California became the first state to establish an ethnic studies graduation requirement for public high schools when Gov. Gavin Newsom signed Assembly Bill 101 on October 8, according to EdSource. Starting with the class of 2030, the state’s 1.7 million public high school students (including charter schools) will need a semester-long ethnic studies class to graduate.
“America is shaped by our shared history, much of it painful and etched with woeful injustice,” Newsom wrote in his signing message. “Students deserve to see themselves in their studies, and they must understand our nation’s full history if we expect them to one day build a more just society.”
School districts are expected to start offering the courses by the 2025-2026 academic school year. Individual districts are ultimately in charge of what they choose to teach but can select from the sample lessons in the nearly 900-page model curriculum approved by the California Department of Education.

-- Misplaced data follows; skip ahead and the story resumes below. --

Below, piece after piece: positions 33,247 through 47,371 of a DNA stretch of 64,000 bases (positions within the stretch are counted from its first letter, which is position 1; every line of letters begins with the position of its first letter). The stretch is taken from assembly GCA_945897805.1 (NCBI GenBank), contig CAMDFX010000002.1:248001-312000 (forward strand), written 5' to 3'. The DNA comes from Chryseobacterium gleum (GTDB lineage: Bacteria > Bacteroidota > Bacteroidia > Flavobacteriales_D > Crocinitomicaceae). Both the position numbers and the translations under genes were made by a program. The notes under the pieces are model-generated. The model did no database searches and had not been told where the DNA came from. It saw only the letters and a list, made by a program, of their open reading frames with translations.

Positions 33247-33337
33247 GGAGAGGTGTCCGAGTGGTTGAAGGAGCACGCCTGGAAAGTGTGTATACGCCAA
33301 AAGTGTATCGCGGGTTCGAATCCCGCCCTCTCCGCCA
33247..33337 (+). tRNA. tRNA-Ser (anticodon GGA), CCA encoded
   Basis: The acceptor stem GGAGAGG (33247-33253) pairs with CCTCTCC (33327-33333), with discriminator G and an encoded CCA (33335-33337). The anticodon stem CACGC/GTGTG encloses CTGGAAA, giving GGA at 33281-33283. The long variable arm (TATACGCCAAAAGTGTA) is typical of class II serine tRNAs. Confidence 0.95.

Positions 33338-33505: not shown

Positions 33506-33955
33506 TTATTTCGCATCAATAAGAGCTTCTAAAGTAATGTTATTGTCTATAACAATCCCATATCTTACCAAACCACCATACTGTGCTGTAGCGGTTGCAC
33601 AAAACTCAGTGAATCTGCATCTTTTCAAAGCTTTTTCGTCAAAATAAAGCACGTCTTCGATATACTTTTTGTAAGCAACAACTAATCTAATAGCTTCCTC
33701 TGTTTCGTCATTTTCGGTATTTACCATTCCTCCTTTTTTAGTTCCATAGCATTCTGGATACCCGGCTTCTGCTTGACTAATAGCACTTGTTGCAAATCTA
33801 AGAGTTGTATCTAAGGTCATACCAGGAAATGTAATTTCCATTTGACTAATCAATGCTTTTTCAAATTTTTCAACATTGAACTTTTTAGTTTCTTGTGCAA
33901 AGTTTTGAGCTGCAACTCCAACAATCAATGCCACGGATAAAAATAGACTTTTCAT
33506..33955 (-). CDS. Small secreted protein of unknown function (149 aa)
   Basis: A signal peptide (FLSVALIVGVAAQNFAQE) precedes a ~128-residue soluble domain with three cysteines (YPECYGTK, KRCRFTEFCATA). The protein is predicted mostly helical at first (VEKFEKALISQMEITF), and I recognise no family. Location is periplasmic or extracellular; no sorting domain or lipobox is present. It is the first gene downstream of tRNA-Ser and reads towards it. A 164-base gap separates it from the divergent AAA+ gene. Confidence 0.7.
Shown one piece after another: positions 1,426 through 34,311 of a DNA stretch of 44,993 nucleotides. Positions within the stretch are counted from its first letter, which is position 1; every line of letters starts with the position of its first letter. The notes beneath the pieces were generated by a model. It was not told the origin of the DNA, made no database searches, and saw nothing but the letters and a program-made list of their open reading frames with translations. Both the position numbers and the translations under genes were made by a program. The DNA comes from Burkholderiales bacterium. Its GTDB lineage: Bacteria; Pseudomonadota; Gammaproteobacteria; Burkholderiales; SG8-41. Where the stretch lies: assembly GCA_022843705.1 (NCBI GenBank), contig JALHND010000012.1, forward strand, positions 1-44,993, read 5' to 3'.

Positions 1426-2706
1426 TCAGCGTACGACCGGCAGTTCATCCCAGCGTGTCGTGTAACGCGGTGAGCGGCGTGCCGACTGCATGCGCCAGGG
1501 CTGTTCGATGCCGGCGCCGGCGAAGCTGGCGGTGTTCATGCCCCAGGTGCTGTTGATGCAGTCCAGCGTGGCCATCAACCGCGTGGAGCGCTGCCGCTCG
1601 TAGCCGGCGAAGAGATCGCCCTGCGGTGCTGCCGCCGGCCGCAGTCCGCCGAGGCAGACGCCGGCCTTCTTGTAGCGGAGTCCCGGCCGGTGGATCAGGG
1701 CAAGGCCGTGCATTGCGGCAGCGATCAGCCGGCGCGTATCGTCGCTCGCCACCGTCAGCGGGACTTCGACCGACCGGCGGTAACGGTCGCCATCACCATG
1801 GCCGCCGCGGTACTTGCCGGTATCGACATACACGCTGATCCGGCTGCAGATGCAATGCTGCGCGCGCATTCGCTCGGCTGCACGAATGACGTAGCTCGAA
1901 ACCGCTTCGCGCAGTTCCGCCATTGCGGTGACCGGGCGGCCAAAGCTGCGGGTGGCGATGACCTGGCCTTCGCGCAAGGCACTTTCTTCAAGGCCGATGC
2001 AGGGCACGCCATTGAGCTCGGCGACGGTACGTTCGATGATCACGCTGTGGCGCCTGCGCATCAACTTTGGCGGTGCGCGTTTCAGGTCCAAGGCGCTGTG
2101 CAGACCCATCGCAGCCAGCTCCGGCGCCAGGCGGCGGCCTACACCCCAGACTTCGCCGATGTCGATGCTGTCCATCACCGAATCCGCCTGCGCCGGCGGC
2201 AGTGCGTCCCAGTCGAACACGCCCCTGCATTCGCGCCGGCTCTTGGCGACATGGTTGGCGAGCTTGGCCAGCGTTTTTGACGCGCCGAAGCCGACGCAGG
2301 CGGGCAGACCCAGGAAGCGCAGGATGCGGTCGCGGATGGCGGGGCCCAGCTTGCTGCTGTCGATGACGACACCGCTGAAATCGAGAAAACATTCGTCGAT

California school districts already offered hundreds of ethnic courses electives with some, like the San Diego, San Francisco, Fresno and Los Angeles Unified school districts, making the classes a requirement long before the statewide requirement.
Previous drafts of the state’s teaching guide and local districts’ efforts to establish ethnic studies curriculums have faced criticism over curriculum content.
In 2019, AB 101’s teaching guide was sent back for revision with concerns of being too left-leaning, full of academic terminology and lacking in Jewish American, Sikh and Armenian history, according to CalMatters. This preliminary plan only covered the four groups — African Americans, Chicanos and Latinos, Native Americans and Indigenous people and Asian Americans and Pacific Islanders — that had already been the focus of higher education ethnic studies.
Continuing disagreements over the high school curriculum were cited as a reason for Newsom’s veto of an earlier draft of the bill in 2020, as reported by EdSource.
Opponents of earlier drafts of the curriculum and attempts to require the course for graduation in local school districts cited concern over the promotion of “critical race theory”, an academic concept that argues that racism is ingrained in America’s laws and institutions. The final version of AB 101 was passed with overwhelming approval in both the Assembly and Senate. The five diversity caucuses of the California State legislature stated unanimous support, writing in a joint statement that, “Requiring ethnic studies in high school is an integral part of cultivating a classroom environment that is accepting of diversity.”